“Texas has enacted a private cause of action to encourage, insofar as possible, that any abortions take place before a heartbeat is detectable,” the state says. “Planned Parenthood Center for Choice, Inc., performed 52 abortions over 10 days after the Heartbeat Act took effect.”
“By its own terms, then, the Texas Heartbeat Act channels abortions to the pre-heartbeat time period, except when doing so would impose an undue burden,” the state continued. “Shifting the time at which some abortions occur is not a ‘ban’ under Casey.”
In several places, the Lone Star State challenged the characterization of the law as a “ban.”
“Preventing some pre-viability abortions is not enough to turn a statute from a regulation into a ban,” the state said in one passage.
“That a law prevents some abortions from occurring, even pre-viability, does not make it a ‘ban,'” the state similarly said elsewhere.
In another section of the document, Texas seemed pleased that patients were traveling outside its boundaries to obtain abortion procedures:
Other pregnant women have received post-heartbeat abortions by traveling across state lines. According to the federal government, these options will increase over time as out-of-state abortions providers are “working hard to expand [their] capacity and increase the number of patients [they] can serve.”
Elsewhere, the state argued that it was a good thing that patients wishing to escape S.B. 8’s effects on abortion doctors were fleeing across state lines to Oklahoma and Kansas:
In this case, the federal government does not bring a commerce claim, nor does it cite any actual evidence that the Texas Heartbeat Act burdens interstate commerce. What evidence that does exist in the record suggests that, if anything, the Act is stimulating rather than obstructing interstate travel.
Given that the federal government can regulate interstate commerce under Article 1, Section 8, Clause 3 of the U.S. Constitution, the state’s argument seems legally awkward, since it explicitly admits that its regulatory regime is affecting an area of law the federal government can regulate.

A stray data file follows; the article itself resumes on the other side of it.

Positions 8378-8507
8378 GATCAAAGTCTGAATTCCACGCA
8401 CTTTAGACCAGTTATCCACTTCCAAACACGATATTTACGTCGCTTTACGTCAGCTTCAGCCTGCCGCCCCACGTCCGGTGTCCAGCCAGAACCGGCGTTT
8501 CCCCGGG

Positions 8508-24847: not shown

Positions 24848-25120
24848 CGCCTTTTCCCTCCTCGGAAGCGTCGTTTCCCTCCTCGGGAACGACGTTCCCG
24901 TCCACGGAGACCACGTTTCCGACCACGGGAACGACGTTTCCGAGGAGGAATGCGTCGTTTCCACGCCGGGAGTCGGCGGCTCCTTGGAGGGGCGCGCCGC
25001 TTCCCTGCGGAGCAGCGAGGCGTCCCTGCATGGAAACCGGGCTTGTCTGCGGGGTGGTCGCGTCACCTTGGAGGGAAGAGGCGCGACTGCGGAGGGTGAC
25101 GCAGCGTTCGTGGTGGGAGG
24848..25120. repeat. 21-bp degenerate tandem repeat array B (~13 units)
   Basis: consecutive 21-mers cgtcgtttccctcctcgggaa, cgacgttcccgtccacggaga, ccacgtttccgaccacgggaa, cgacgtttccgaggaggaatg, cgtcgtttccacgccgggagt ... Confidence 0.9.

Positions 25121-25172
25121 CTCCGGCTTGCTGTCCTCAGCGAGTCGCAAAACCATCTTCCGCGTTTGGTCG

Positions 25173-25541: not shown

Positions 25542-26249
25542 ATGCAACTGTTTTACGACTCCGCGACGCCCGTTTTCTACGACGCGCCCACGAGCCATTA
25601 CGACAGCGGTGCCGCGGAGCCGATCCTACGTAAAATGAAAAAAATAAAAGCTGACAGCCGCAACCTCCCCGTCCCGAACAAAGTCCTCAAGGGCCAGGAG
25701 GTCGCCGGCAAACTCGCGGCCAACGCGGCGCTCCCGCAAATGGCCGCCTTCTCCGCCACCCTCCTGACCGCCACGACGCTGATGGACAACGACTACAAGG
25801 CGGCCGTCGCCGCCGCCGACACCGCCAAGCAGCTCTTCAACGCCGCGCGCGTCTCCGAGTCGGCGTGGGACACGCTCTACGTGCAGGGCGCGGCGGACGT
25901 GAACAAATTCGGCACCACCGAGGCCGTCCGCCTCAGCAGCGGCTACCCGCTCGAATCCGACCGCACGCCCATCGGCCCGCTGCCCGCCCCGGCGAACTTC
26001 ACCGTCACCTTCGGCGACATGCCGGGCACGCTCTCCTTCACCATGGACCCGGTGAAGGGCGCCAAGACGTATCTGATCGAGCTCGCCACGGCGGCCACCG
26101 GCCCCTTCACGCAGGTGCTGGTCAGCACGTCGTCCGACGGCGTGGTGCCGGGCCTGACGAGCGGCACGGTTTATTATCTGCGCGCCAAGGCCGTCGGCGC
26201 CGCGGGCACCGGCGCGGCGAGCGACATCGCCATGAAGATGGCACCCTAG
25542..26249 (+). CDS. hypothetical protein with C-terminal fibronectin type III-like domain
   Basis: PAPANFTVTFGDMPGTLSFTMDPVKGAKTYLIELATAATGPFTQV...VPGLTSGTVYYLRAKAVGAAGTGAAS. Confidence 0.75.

Texas also challenged the federal government’s argument that the state legislature “acted with the purpose of infringing women’s constitutional rights.”
“Proof of any unlawful motive must appear in the record,” the state countered, “yet the federal government cites no evidence of the Texas Legislature’s purpose.”
After spending considerable time and attention arguing that S.B. 8 could simply be declared unconstitutional by state court judges (in a costly plethora of civil proceedings), the state admitted that pro-choice advocates would have a difficult time so doing:
At bottom, the federal government’s complaint is that the Heartbeat Act is difficult to effectively enjoin. But there is no requirement that a state write its laws to make them easily enjoined under Section 1983 [of federal civil rights law]. Indeed, any state-created private cause of action would fall under that theory. The cases cited by the federal government confirm only that the States may not oust federal claims from their courts or place such restrictions on them that they cannot be heard. State courts are open to hear constitutional challenges and, if federal subject-matter jurisdiction can be found, so are federal courts.
Texas further argues that S.B. 8 does not interfere with federal programs and contracts.
Rather than sue in federal court, the state suggested that the federal government could intervene in state court proceedings if it wished to argue the constitutionality of S.B. 8. Additionally, at times, the state said the DOJ was being completely two-faced with its legal positions by arguing in favor of legal theories that insulate various governments from liability while here doing the opposite.
Taking a swipe at the regulatory state toward the end of its voluminous arguments, Texas suggested that the cornucopia of lawsuits which may result from the newfound antithesis of tort reform enshrined in S.B. 8 are actually a good thing:
This puts abortion providers in a better position than most regulated parties. Many regulatory laws allow executive officials to enforce them without any kind of pre-deprivation process. Under this law, however, a defendant has the benefit of judicial process before any penalty can be imposed.
At bottom, the federal government seems to be perturbed that judicial review of the Heartbeat Act will likely occur through state courts rather than federal courts. That is no cause for complaint. State courts are competent to decide federal constitutional questions, and they routinely do so.
The state then oddly cited the famous First Amendment case of New York Times v. Sullivan as support. In that case, the New York Times used a constitutional defense to invalidate a state defamation law after state-court-level proceedings. But the logic of the state’s response was premised on the U.S. Supreme Court ultimately knocking down the state’s own regulatory scheme in support of broader press freedoms under the First Amendment — a move some conservative justices and some conservative litigators say was an error.
Read the full document below:
Editor’s note: some legal citations have been omitted from quotations to help make this piece easier to read. The full citations are contained within the embedded document.
[Photo by Elijah Nouvelage/Getty Images]